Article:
UI study finds peer pressure a factor in school bullying

UI study finds peer pressure a factor in school bullying

Get-tough policies that suspend or expel schoolyard bullies aren't likely to solve the problem, which has been in the limelight again since Erika Harold of Urbana became Miss America last year.

Harold's torment by classmates at University High School prompted her to make an anti-bullying campaign part of her Miss America tenure.

But nationwide, school officials, teachers and parents still haven't come to grips with the breadth of the problem nor its impacts, says a University of Illinois professor who's now done 20 studies of bullying.

The latest study by UI educational psychology Professor Dorothy Espelage and colleagues, reported in the current issue of the journal Child Development, indicates that peer pressure prompts kids to engage in bullying and to bully more than they might otherwise.

The study is the first to show a link between peer influence and bullying and fighting.

It comes in the wake of a study released in 1999 where Espelage found that 80 percent of the children surveyed at a Midwest middle school said they had participated in bullying activities during the previous month.

Espelage said her findings indicate zero-tolerance policies focusing on - and getting rid of - a small number of blatant bullies aren't an effective solution.

?None of the intervention programs include a peer component,? she said. ?A lot of kids are involved in the bullying process.?

The peer influence study, as in other studies, also found that when kids didn't actively participate in bullying they mostly stood on the sidelines and made no attempt to stop it.

Espelage said kids view bullying as a routine part of school life.

She argues that the pervasive nature of the problem demands a consistent, schoolwide focus in addressing it, including a component aimed at the tendency of kids to go along with the group even when they know behavior is hurtful.

Espelage said the spotlight Harold's story put on bullying, coupled with a series of school shootings, has administrators, teachers and researchers more interested in the issue. She said her phone rings frequently these days with calls from schools looking for help.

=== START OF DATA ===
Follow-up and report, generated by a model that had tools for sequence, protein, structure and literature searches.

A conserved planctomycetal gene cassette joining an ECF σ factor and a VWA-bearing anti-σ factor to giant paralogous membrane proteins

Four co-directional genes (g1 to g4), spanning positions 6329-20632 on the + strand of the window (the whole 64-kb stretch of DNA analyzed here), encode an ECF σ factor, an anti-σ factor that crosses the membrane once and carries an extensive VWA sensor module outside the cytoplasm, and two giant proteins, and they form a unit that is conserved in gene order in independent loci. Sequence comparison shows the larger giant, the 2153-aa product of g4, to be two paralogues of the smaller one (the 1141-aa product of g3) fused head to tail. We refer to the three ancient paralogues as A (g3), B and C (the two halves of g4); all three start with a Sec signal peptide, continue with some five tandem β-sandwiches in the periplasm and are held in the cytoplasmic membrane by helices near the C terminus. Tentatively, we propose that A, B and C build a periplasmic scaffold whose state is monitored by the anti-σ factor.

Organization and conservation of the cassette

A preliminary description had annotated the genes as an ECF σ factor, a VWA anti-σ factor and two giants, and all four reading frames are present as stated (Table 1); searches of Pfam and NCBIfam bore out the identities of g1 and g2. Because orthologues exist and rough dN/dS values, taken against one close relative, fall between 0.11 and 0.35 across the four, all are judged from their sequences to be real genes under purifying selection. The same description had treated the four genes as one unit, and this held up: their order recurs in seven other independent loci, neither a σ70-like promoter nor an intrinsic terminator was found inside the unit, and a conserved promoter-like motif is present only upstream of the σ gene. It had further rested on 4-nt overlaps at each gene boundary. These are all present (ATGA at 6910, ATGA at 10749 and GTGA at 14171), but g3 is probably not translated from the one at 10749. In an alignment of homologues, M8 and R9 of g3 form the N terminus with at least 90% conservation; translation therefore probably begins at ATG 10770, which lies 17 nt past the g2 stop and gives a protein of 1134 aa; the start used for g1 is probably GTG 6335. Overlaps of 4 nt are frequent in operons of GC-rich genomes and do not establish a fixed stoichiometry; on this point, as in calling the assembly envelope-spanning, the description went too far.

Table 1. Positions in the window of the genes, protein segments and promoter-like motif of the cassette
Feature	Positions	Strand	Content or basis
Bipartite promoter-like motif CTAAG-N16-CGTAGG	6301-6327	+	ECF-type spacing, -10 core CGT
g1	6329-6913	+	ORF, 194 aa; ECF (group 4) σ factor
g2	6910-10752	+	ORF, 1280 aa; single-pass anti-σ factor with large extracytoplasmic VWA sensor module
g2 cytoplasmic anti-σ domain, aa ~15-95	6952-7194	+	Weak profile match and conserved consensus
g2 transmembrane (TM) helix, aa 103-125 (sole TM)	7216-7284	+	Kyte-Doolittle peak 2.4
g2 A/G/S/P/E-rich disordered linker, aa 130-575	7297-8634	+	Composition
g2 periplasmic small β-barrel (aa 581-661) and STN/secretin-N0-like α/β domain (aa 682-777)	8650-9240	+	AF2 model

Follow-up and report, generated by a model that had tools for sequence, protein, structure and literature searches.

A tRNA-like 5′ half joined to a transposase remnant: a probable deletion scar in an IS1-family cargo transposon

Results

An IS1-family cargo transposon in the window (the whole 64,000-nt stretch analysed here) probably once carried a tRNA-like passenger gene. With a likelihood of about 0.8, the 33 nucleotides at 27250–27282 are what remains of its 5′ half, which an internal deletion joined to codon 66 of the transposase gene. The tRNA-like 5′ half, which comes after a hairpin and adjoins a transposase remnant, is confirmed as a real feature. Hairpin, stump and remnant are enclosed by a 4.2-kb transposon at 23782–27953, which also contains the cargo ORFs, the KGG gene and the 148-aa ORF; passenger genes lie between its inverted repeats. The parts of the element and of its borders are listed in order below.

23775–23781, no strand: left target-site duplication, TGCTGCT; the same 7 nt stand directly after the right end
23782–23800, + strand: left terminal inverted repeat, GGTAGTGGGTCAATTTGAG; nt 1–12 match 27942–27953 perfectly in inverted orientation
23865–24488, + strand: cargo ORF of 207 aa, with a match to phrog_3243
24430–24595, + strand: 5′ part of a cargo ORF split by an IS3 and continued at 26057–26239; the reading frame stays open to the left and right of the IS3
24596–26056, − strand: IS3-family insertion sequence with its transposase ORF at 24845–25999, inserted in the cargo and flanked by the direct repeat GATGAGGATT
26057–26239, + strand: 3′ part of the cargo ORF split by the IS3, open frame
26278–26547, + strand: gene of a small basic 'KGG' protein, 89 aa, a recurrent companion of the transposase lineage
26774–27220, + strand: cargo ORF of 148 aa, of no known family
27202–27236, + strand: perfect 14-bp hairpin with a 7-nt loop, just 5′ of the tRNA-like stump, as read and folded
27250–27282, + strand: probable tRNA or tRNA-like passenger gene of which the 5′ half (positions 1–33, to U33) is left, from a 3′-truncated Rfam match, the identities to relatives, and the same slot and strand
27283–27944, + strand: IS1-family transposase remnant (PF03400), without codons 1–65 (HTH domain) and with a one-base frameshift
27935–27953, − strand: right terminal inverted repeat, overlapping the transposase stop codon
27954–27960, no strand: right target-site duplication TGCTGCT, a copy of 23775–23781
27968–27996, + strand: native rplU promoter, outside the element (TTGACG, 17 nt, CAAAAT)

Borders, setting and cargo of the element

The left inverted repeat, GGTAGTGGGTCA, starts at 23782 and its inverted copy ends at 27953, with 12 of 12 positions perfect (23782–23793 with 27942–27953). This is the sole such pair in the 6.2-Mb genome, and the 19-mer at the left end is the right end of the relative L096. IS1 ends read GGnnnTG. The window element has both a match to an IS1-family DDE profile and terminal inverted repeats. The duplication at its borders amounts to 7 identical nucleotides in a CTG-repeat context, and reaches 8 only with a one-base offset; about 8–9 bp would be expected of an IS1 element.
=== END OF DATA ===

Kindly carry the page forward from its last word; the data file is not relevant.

?We have come a very long way,? Espelage said.

However, she said too many schools continue to take a Band-Aid approach, sponsoring one-shot teacher-training sessions or student assemblies, for example, with little or no follow-up.

In part, that's because too many teachers and school administrators have the same outlook as the kids - bullying is just part of growing up, Espelage said. Some adults view the experience as character building.

But she said bullying has effects as severe as alcohol and drug use, which adults certainly don't approach with a hands-off attitude. Espelage said studies have shown for 30 years that bullying victims suffer from psychological and academic problems and may carry them into adulthood. One in six victims tries to avoid going to school and pays academically as a result, she said.

At its worst, bullying's impact extends to teen suicides and school shootings like Columbine, where the shooters were outcasts who felt they had been picked on by their classmates.

?We can no longer say: ?This is just a part of growing up,'? Espelage said.

The UI study of peer influence surveyed sixth- through eighth-graders at an East Central Illinois middle school about bullying activity and fighting using questionnaires developed by Espelage.

The researchers, including UI graduate student Melissa Holt and undergraduate Rachael Henkel, also did a complex analysis of the social structure in the school to map peer relationships. Holt, now at the University of New Hampshire, and Henkel were co-authors of the study.

Bullying was defined as teasing, harassment, rumor spreading and social exclusion.

In addition to finding that both boys and girls tend to engage in bullying more when they hang out with peers who bully, the researchers identified a similar peer influence on fighting, although not nearly as strong.

Espelage said that's probably because fighting - actual physical aggression - is viewed as crossing the line, not as routine, by adults and by most kids.

? I think it's just not acceptable to start punching,? Espelage said.

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